Needless to say, my posts on Google and Apple are generating a flood of response from many of you feeling the frustration of these steep declines, so in the vein of "misery loves company," here's a taste of some of your missives.
Rest assured, if you're confused, you're not alone: I'm talking to a number of the professionals feeling the same things. Many are preaching patience; some are beating the buy-low drum; but all are watching traders replacing investors and its an uncomfortable trend to say the least.
Kevin writes in: "I own both Google and Apple and all I can say is is I'm feeling a lot of pain. As you pointed out, GOOG was a $747 stock less than six months ago. I bought it at an average basis of about $520 and now it's dropped off a cliff even from that level. Similar thing with AAPL. I sure hope you are right about GOOG recovering a year from now. How do you see the news about Google's decline in paid clicks this morning that is clobbering the stock right now? Is GOOG's fundamentals changing for the worse?"
Excellent questions, Kevin. Look, you have to come to terms with the "law of large numbers." No way Google can keep its growth rate at this pace. Just not gonna happen. That said, the sell-off in Google shares just does not equal the drop-off in paid clicks. It seems way over done. The fact is, Google's growth, even if it slows, is still phenomenal. It's margins are phenomenal. It's outlook is phenomenal. The company is not sitting still. It's forward P/E is only 18 now. 18! Way over done.
Colin writes, "Regarding Apple, the recent fall is not without precedent but it is certainly without reason...With an overwhelming total debt number less than uno, a forward P/E of roughly 18, and nearly $3 billion in levered free cash flow, any entry point in the $100 - $115 dollar per share range is highway robbery...As for Google, all they did in 2007 was increase the bottom line by 37 percent, their revenue by roughly 50 percent, not to mention leveraging another overwhelming debt figure of zero."
Michael from Auburn, Massachusetts writes of Google: "You have a great company that trades at a lower P/E than Baidu , eBay , Yahoo and Amazon and many more. It is still growing faster than most internet companies and is a household name...It seems that many have no long term view and have contempt for this company...Talk about cheap. I don't get it."
Mark writes: "Thank you for providing some measure of balance regarding Apple. It's really getting punished. Perhaps it need to pull back, but this much? Last year at this time, there was no phone, no movie rentals and the Mac market share wasn't nearly as high...Just doesn't add up."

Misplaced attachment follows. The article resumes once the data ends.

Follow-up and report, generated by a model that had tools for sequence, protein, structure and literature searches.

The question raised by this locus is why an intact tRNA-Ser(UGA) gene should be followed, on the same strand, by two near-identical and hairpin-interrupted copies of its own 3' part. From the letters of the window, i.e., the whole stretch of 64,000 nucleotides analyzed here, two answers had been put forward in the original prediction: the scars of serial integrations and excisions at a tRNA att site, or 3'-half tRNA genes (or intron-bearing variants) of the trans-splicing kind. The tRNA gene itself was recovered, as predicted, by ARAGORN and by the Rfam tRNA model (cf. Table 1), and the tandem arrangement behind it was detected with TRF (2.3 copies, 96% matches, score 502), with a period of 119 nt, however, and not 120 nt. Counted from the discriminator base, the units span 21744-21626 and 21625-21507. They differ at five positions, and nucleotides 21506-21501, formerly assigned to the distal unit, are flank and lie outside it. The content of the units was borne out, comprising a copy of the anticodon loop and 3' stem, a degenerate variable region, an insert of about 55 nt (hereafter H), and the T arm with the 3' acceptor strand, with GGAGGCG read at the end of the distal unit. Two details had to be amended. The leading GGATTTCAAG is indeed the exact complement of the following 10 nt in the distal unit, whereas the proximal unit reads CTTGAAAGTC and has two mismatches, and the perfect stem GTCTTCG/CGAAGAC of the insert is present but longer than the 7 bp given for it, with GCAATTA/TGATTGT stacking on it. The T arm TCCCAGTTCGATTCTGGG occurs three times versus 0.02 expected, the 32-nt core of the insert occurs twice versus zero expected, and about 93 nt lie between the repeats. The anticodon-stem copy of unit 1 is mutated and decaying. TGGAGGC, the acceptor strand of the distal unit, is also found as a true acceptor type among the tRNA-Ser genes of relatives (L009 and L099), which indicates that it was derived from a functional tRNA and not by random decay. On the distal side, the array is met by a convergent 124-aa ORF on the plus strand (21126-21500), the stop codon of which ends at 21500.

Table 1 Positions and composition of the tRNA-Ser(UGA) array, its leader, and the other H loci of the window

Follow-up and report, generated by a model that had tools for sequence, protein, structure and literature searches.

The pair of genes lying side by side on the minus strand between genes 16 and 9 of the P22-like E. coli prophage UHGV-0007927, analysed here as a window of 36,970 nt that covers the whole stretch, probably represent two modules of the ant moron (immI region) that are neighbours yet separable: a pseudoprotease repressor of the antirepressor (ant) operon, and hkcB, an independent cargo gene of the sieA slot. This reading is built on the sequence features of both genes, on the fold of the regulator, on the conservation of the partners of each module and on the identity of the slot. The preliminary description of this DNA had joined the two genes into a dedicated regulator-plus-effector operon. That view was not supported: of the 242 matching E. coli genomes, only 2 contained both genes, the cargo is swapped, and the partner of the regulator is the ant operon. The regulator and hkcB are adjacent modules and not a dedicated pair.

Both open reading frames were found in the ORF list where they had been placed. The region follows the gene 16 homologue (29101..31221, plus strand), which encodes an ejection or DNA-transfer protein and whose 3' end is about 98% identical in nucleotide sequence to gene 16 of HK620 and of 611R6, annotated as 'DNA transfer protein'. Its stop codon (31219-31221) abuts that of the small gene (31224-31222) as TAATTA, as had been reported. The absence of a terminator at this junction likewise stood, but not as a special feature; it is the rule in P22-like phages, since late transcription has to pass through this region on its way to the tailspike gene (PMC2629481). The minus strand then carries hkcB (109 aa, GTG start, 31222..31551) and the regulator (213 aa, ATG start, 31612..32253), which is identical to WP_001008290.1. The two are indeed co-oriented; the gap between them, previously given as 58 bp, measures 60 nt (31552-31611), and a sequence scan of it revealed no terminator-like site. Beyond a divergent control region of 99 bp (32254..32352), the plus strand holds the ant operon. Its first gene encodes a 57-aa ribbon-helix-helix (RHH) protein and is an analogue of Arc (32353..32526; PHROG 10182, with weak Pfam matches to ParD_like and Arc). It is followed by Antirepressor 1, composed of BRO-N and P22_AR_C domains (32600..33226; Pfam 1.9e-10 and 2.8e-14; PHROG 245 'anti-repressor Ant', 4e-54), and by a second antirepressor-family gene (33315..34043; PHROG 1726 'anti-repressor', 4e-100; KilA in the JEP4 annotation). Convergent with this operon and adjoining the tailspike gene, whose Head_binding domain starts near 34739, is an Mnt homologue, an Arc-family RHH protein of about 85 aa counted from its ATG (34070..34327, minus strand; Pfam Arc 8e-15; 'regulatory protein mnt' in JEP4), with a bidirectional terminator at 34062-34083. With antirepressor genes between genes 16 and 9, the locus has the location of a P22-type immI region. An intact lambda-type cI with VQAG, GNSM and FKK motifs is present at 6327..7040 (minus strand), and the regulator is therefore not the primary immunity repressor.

Fred owns both stocks and has been "feeling the pain lately." He says, "What you have to realize though is that the market is dominated now by hedge funds that can short attack any stock and drive it down to the capitulation stage where investors throw in the towel and run for the exits." What? Are you suggesting market manipulation? For shame. (Kidding.)
Regular contributor Robert writes: "How does Apple sell 20 million songs on Christmas Day if they're no longer relevant? And we were reportedly in a recession at the time. Amazing."
Brian says, "What is happening to Google right now has nothing to do with the company itself. It all has to do with momentum and fear. Fear turns to panic and what you are seeing this week is panic from week Google shareholders. Panic is a trigger for weak investors to sell. Panic is a trigger for strong investors to buy." We'll see.
Steve says, "I don't really think that Google has lost its swagger. My reason for saying so is that they don't hang their hat on their stock price, but rather on how much better their product is than everyone else's."
Finally, from Craig: "GOOG reminds me of a bad hangover. You can lay around the next day hoping you're going to turn the corner but the only thing that makes it happen is a session of shouting at the toilet. Perhaps that's what's going on with the stock right now." Nice image, but GOOG and the toilet seem to go hand in hand right now. For how long is the bigger question.
Keep writing, and I'll keep posting. Lots more to get to. This was only a taste. Just keep telling yourself: fundamentals, fundamentals, fundamentals. Buy low. Sell high. There are reasons those axioms have become trite clichés. It's because they've stood the test of time. Now's the time to keep those clichés in mind.
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